Example of Variability Chart

An engineer wants to assess the effect of sintering time on the compressive strength of three different metals. The engineer measures the compressive strength of three specimens of each metal type at each sintering time: 100 minutes, 150 minutes, and 200 minutes.

The engineer creates variability charts to look for possible trends and interactions in the data.

  1. Open the sample data, SinteringTime.MTW.
  2. Choose Stat > Quality Tools > Variability Chart.
  3. In Responses, enter Strength.
  4. In Factors (1-8, outermost first), enter MetalType and SinterTime.
  5. Select Standard deviation chart.
  6. Click OK.

Interpret the results

The first chart is the average response with variation chart that shows the strength measurement values and the range of each cell that is formed by the combination of the two factors–MetalType and SinterTime. The second chart shows the standard deviation for each combination of the two factors.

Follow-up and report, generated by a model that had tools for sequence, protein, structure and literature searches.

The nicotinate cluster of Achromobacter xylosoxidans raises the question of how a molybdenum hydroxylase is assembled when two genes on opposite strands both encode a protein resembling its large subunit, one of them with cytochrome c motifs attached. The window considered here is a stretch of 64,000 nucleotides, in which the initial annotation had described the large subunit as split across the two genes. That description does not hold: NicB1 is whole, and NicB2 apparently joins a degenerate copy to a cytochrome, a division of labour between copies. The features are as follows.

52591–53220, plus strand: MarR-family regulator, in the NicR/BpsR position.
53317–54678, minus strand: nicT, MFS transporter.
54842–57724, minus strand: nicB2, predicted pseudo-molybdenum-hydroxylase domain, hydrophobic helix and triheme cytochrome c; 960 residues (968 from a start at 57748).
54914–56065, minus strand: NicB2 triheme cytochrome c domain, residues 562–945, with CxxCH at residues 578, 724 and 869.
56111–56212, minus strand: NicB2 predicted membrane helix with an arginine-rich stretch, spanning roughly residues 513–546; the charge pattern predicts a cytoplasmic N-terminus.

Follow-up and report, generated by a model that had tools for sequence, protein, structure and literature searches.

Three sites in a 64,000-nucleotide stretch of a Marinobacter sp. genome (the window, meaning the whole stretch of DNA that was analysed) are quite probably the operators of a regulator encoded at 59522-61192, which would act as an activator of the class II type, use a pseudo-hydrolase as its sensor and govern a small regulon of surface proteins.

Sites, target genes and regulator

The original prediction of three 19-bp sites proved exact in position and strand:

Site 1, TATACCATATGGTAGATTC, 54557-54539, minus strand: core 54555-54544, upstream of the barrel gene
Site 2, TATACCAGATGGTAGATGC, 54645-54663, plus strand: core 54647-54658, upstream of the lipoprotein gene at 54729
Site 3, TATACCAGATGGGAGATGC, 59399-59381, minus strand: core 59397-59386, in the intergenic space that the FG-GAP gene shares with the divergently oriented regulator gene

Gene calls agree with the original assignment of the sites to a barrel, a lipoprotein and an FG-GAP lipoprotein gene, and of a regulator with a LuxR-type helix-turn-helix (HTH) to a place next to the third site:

Strength varies differently across metal types for each sintering time. The difference indicates a possible interaction.

The variability charts indicate a possible interaction between the type of metal and the length of sintering time. The greatest compressive strength for Metal Type 1 is obtained by sintering for 100 minutes, for Metal Type 2 by sintering for 150 minutes, and for Metal Type 3 by sintering for 200 minutes. Also, the standard deviation chart shows relatively constant standard deviations for the sinter times of 100 and 150, but varies more with the sintering time of 200.

To quantify this interaction and to determine whether it is statistically significant, the engineer could further analyze this data with an ANOVA (analysis of variance) or a general linear model.